An animated playlist cover with subtly moving background of gray tones echo the black-and-white film Malcolm & Marie for this installment of Queue’s ‘The Playlist’

Malcolm & Marie

The creatives behind your favorite Netflix content share the music that inspires them.


From vintage classics to modern-day masterpieces, these are the songs that inspired Malcolm & Marie. Writer-director Sam Levinson and editor Julio Perez IV break down the music that helped them craft the characters, action, and ambience of Malcolm & Marie, starring John David Washington and Zendaya.

Singer Dionne Warwick looks at the camera. Her hair is in a beehive style and her blue shirt collar is visible.

Dionne Warwick

Photo by David Redfern / Getty Images

“Get Rid of Him” by Dionne Warwick

Sam Levinson: When I was writing this movie, I was always looking for moments in which I could use music to articulate what the characters were feeling, as a means of communication between them. “Get Rid of Him” popped into my head. I remembered that the song is about a girl who wants to stay in a relationship despite her friends insisting she get rid of her boyfriend. So I thought: What if Marie plays the song and she and Malcolm sit there in silence? They keep wanting to make eye contact with one another and essentially put the argument to rest, but for some reason, whenever one looks at the other, the other’s not looking back.

No one made more complex and beautiful pop arrangements than Dionne Warwick and producers Burt Bacharach and Hal David in their heyday. It’s one of the greatest collaborations in music history. The entire album Make Way for Dionne is astonishing, as is the dress she wears on the cover. And I love her hair.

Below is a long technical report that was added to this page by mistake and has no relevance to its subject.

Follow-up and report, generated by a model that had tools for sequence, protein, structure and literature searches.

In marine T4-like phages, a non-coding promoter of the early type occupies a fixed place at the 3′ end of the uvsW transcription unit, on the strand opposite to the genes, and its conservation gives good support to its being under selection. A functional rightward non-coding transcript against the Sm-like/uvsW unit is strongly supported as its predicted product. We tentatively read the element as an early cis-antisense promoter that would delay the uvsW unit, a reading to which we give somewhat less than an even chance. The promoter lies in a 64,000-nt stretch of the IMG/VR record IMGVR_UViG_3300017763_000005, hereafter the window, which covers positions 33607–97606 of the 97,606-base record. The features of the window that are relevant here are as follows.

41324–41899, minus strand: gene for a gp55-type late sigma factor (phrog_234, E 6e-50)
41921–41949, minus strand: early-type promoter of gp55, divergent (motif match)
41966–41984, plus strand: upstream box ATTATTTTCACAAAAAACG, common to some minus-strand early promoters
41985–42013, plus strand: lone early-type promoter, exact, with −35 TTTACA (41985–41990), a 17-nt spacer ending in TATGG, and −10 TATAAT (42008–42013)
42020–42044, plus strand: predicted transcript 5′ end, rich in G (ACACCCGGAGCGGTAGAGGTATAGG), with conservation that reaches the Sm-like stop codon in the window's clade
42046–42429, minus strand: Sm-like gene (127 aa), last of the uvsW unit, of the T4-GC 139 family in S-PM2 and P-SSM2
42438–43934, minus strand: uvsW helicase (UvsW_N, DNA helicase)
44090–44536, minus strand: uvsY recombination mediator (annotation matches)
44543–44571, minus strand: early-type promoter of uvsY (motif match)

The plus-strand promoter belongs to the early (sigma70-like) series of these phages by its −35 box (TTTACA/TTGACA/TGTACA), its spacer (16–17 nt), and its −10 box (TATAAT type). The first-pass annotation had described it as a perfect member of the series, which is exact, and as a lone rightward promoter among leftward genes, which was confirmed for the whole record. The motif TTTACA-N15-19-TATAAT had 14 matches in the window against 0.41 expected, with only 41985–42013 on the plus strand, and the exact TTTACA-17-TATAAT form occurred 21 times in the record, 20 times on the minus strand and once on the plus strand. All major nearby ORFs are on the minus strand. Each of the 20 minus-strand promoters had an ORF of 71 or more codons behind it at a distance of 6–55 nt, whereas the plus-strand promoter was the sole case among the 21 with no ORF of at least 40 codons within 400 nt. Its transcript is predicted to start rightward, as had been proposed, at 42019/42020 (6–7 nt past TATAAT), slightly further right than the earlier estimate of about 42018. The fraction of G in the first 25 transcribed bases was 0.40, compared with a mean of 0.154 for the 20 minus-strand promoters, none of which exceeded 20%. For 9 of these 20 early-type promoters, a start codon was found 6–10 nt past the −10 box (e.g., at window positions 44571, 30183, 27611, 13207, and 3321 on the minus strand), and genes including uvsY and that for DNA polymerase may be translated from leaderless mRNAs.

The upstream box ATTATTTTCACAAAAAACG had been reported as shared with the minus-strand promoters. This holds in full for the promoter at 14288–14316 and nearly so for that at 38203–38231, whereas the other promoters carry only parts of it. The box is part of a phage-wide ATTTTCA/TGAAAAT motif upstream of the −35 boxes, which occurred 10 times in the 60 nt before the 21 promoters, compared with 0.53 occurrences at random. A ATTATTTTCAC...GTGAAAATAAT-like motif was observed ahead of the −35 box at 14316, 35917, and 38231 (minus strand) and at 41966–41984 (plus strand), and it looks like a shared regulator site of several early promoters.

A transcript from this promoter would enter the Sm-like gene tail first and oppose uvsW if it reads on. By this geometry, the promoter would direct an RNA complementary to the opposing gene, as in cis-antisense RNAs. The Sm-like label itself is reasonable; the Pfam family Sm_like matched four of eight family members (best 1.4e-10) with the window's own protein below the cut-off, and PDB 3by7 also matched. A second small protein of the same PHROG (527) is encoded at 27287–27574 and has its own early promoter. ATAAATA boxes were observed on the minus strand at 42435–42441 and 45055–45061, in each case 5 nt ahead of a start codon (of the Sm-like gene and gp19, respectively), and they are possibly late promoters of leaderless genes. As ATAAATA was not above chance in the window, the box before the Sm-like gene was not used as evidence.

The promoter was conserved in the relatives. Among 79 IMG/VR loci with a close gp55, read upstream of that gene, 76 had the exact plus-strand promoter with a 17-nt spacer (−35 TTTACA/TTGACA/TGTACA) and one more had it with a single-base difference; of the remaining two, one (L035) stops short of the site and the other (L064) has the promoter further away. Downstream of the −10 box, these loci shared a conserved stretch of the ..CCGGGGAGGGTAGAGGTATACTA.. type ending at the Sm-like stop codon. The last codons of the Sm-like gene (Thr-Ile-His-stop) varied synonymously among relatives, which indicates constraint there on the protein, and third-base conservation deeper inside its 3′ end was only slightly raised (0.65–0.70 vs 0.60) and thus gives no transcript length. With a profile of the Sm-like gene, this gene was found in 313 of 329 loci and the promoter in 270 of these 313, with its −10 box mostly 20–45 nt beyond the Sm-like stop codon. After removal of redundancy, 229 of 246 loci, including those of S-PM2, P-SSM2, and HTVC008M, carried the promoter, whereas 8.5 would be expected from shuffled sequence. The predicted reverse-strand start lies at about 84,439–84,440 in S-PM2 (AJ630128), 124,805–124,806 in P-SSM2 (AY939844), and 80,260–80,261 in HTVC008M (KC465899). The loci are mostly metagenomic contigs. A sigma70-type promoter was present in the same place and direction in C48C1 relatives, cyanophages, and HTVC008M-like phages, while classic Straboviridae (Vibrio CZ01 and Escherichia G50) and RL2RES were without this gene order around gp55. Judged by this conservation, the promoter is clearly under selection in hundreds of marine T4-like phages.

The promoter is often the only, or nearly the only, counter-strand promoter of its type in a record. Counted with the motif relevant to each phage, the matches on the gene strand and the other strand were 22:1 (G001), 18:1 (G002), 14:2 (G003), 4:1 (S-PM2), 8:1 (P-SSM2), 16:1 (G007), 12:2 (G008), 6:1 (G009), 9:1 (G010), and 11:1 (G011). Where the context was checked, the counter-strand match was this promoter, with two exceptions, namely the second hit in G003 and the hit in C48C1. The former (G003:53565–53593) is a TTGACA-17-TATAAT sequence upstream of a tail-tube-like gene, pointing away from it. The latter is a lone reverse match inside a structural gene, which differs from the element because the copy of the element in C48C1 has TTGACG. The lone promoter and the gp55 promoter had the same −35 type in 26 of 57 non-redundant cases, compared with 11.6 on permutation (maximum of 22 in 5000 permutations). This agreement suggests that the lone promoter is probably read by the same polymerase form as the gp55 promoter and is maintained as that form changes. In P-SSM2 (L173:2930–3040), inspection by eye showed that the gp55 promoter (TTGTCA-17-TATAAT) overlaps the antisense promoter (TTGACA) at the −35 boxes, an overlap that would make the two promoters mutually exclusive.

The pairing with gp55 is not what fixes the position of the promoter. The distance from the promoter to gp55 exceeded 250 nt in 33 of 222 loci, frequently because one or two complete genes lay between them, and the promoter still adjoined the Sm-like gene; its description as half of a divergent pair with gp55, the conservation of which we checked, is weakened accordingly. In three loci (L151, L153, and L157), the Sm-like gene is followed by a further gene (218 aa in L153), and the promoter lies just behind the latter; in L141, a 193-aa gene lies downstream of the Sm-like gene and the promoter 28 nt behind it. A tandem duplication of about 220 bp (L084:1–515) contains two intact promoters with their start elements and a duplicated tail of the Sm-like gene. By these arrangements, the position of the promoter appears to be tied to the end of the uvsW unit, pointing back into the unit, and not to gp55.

Pimp C wears a red polo and red hat. He has on sunglasses, a chain with a cross pendant, and a bracelet that hangs above a forearm tattoo. He’s pulling down his shades as if to peek over the top of the rims.

Chad “Pimp C” Butler of UGK

Photo by Pam Francis / Getty Images

“One Day” by UGK

SL: This song is a masterpiece, this album is a masterpiece, and if I ever get the chance to make a sequel to Malcolm & Marie, I would love to write a whole monologue for Malcolm about how deeply UGK understands and articulates cinema through music, while Marie stares at him blankly, waiting for him to finish.

“Goin’ Home” by Archie Shepp and Horace Parlan

Julio Perez: The atmosphere of this song is so richly textured, so suggestive, filled with questions. Will they find a way? Are they pulling apart or coming together? Why does release sometimes feel like loss? Why can regret sometimes feel indulgent? This track says it all. It’s the sonic equivalent of their longing, accusatory, desperate, unmet glances.

I can’t tell you what makes an incredible song, because I don’t have the musical language to describe it, but whatever is happening with William Bell’s voice, the strings, and that snare feels like nothing else. It’s as sweeping and emotional as any great tragic love story.

Guitarist Howard E. Scott performing with American funk band, War, at the Hammersmith Odeon, London, 22nd June 1976.

Howard E. Scott of War